He says the study is the first empirical review of repurchase programs that have the potential to be misleading, and was sparked by long-standing concerns among analysts, scholars and observers such as Jim Cramer of CNBC’s “Mad Money.”
“By definition, there can be no smoking gun with the tools we have,” Ikenberry said. “Yet we do have compelling circumstantial evidence, and find a limited number of cases where it’s plausible that some misleading behavior on the part of management did occur.”
Investors can guard against buying into phantom repurchase programs through due diligence, he said. Warning signs include strong earnings despite weak cash flow, indicating aggressive accounting practices, coupled with a long-term pattern of languishing stock value.
But Ikenberry says the study shows that deceptive repurchase programs are the exception not the rule, and cause no long-term harm to the market. While stock prices often surge with the repurchase announcement, they soon dip if earnings fail to support the increase.
He compares the market’s rise and fall to long lines that follow hype for a new restaurant. “If the food turns out to be good, business will stick and there will be lines for a long time,” Ikenberry said. “But if it’s not good food, the hype and buzz will fade and business will, too.”
Jan Dennis | EurekAlert!
Rutgers-led innovation could spur faster, cheaper, nano-based manufacturing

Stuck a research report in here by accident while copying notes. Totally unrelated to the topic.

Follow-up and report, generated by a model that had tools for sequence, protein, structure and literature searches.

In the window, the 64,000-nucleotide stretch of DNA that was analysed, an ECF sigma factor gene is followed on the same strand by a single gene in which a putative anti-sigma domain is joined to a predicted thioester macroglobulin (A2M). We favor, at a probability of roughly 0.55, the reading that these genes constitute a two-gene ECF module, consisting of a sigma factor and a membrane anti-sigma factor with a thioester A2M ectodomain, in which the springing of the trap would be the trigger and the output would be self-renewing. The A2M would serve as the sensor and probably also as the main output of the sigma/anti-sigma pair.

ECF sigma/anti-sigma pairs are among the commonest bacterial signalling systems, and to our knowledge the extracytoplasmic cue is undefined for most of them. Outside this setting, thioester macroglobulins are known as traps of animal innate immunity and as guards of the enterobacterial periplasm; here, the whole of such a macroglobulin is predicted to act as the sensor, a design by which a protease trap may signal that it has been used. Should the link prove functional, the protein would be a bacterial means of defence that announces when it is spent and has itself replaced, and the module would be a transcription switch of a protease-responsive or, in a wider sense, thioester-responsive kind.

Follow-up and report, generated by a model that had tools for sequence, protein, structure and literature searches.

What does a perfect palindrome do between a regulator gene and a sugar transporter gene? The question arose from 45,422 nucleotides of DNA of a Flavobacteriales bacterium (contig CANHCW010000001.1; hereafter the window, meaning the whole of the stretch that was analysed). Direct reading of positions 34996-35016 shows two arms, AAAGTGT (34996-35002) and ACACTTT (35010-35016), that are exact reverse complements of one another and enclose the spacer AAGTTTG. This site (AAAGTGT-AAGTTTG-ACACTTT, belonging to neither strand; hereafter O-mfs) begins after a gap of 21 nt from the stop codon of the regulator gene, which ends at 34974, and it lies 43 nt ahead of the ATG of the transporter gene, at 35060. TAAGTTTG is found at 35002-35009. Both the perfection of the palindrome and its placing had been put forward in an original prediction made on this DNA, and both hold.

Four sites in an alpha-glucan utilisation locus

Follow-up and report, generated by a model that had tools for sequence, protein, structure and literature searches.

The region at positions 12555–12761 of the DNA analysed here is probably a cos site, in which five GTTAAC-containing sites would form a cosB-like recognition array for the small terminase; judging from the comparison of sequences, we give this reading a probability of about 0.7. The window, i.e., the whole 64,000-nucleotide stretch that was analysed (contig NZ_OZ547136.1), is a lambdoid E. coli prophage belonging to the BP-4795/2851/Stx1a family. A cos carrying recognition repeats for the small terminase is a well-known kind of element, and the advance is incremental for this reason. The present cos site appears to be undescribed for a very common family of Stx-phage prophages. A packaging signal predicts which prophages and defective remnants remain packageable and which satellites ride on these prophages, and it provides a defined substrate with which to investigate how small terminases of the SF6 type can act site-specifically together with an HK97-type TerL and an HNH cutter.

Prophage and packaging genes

14.02.2018 | Rutgers University
New study from the University of Halle: How climate change alters plant growth
12.01.2018 | Martin-Luther-Universität Halle-Wittenberg
Satellites in near-Earth orbit are at risk due to the steady increase in space debris. But their mission in the areas of telecommunications, navigation or weather forecasts is essential for society. Fraunhofer FHR therefore develops radar-based systems which allow the detection, tracking and cataloging of even the smallest particles of debris. Satellite operators who have access to our data are in a better position to plan evasive maneuvers and prevent destructive collisions. From April, 25-29 2018, Fraunhofer FHR and its partners will exhibit the complementary radar systems TIRA and GESTRA as well as the latest radar techniques for space observation across three stands at the ILA Berlin.
The "traffic situation" in space is very tense: the Earth is currently being orbited not only by countless satellites but also by a large volume of space...